European Convention on Human Rights
EU accession to ECHR: Talks enter final stretch
By Irina Smirnova-Godoy | Wednesday 27 June 2012
A joint informal body of members of the European Parliament and Council of Europe (CoE) parliamentarians applauded the new impetus given to the EU’s accession to the European Convention for the Protection of Human Rights and Fundamental Freedoms (ECHR). The recent decision by the CoE Committee of Ministers to resume the talks came on the heels of a similar recommendation by the Justice and Home Affairs Council, meeting in Luxembourg on 26-27 April. Both European bodies concur that the necessary legal documentation has to be finalised as soon as possible, thus putting an end to the six-month hiatus in the accession talks.
The legal personality bestowed on the EU by the Lisbon Treaty makes it possible for the Union to become party to international treaties. According to Article 6(2), “the EU shall accede” to the ECHR. In June 2010, the EU Council adopted a mandate for negotiations on the matter and after several rounds of talks between the CoE Steering Committee for Human Rights (CDDH) and the EU, the draft accession agreement was submitted to the CDDH’s extraordinary meeting, on 12-14 October 2011.
The two co-chairs of the joint informal body, Pietro Marcenaro (CoE) and Carlo Casini (EU), asserted, at their third meeting in Paris, on 19-21 June, that the agreement “is crucial with a view to securing a common space for human rights protection across the European continent. According to Union officials, accession will allow the harmonious development of the case law of the EU Court of Justice and the European Court of Human Rights (ECHR).
Despite the binding nature of the EU’s commitment to become an ECHR signatory, debates at the European Parliament in April revealed several points of contention, expressed mostly by UK MEPs. A recent study, commissioned by a group of Conservative British MPs, concluded that in over 270 cases the European judges had “breached a convention right,” which means the UK has lost three out of four cases lodged against it in the court.
A number of recent ECHR decisions have angered the UK’s public opinion, especially the 2005 ruling that obliged the country to grant voting rights to prisoners (the UK has so far refused to execute the judgement) and the 2012 Abu Qatada deportation case. The EP’s April debates on the issue of accession also revealed MEPs’ concerns about the credibility of the ECHR’s judges and the court’s discretion in human rights protection interpretation, as well as the power of encroachment on national legislative and constitutional systems.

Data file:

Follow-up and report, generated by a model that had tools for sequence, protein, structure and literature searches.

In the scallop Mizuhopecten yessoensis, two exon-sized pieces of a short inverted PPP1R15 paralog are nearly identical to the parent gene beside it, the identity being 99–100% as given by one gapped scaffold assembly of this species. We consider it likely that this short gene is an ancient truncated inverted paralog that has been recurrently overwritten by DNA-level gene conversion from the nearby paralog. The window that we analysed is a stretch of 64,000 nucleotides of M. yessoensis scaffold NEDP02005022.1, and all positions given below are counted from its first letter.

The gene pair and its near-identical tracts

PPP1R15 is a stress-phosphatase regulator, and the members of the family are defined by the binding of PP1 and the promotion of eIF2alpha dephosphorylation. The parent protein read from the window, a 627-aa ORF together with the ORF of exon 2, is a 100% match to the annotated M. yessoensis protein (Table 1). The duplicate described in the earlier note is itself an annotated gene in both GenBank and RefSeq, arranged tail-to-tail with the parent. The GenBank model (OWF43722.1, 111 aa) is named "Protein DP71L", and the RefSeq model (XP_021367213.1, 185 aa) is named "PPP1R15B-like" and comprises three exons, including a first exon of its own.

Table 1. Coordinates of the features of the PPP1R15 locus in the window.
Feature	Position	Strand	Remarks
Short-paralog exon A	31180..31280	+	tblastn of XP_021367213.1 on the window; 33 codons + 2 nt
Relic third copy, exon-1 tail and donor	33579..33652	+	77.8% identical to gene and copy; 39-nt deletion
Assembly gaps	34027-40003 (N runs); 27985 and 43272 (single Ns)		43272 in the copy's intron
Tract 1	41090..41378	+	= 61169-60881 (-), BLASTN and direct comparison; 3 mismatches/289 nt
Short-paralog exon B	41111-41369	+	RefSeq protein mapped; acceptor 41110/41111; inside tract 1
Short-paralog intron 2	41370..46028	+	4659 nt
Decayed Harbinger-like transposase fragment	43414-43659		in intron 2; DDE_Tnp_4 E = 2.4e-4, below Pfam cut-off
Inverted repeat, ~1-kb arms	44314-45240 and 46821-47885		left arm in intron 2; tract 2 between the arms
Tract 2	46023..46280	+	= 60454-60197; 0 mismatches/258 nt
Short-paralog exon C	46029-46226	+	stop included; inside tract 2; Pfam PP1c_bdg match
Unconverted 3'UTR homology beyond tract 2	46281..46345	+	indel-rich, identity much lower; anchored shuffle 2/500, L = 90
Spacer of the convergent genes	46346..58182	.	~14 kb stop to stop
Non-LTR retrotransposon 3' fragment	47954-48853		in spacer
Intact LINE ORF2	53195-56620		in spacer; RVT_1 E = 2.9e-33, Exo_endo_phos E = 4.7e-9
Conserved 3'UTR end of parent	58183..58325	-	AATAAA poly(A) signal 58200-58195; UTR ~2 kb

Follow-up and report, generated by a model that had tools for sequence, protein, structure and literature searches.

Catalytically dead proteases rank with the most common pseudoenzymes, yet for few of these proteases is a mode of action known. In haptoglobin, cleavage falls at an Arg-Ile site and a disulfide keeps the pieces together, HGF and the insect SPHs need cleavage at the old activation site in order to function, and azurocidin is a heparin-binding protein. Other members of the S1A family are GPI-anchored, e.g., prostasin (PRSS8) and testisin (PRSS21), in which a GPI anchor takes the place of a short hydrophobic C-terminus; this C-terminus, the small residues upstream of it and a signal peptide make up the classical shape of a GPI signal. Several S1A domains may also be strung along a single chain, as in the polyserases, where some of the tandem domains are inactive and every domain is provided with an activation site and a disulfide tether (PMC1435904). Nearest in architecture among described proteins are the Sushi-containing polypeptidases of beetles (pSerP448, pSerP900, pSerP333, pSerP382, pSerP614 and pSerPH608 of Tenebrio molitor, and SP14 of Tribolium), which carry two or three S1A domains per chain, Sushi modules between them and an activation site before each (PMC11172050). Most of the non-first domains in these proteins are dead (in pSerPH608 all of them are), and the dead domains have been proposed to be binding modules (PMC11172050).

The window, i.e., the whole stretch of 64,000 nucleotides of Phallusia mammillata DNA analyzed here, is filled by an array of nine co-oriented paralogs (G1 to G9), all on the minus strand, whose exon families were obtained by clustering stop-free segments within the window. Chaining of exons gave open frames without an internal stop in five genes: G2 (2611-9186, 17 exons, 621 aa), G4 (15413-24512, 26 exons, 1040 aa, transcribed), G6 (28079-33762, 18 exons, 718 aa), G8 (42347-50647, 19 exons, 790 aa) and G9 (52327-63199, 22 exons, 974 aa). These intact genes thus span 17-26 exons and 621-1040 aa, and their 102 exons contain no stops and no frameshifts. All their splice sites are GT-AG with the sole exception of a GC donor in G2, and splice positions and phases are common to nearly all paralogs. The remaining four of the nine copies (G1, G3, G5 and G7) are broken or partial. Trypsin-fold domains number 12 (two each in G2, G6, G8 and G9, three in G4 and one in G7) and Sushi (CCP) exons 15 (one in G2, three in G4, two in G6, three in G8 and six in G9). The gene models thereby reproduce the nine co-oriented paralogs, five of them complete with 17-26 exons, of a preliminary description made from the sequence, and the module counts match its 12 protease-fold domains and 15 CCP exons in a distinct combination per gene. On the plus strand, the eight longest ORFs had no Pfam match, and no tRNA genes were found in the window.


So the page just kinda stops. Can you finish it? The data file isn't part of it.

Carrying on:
Whereas opposition in the UK is mostly political, France opposes subjecting the EU’s Common Foreign and Security Policy (CFSP) to the convention and wants more clarity on the interaction between the EU Court of Justice and the ECHR.
Sources close to the negotiating bodies, however, indicate that some member states are expected to express reservations.
By now, the Union has accepted its accession to the convention and its Protocols 1 and 6, ratified by all member states, as well as the EP’s participation in voting procedures on the judges of the court and the co-respondent mechanism, allowing EU or a member state to join a case in an alleged violation against the other.
A number of aspects are still to be resolved, namely the voting arrangements for the supervision of judgements against the EU and submission to the ECHR in the field of the CFSP.
For accession to materialise, the following steps should be taken: unanimous agreement should be reached in Council; all 47 CoE member states should agree in the Committee of Ministers; the ECJ should issue a legal opinion on the compatibility of the final accession agreement with the EU treaties; and all 47 states, the EU, as well as the European Parliament should give their consent.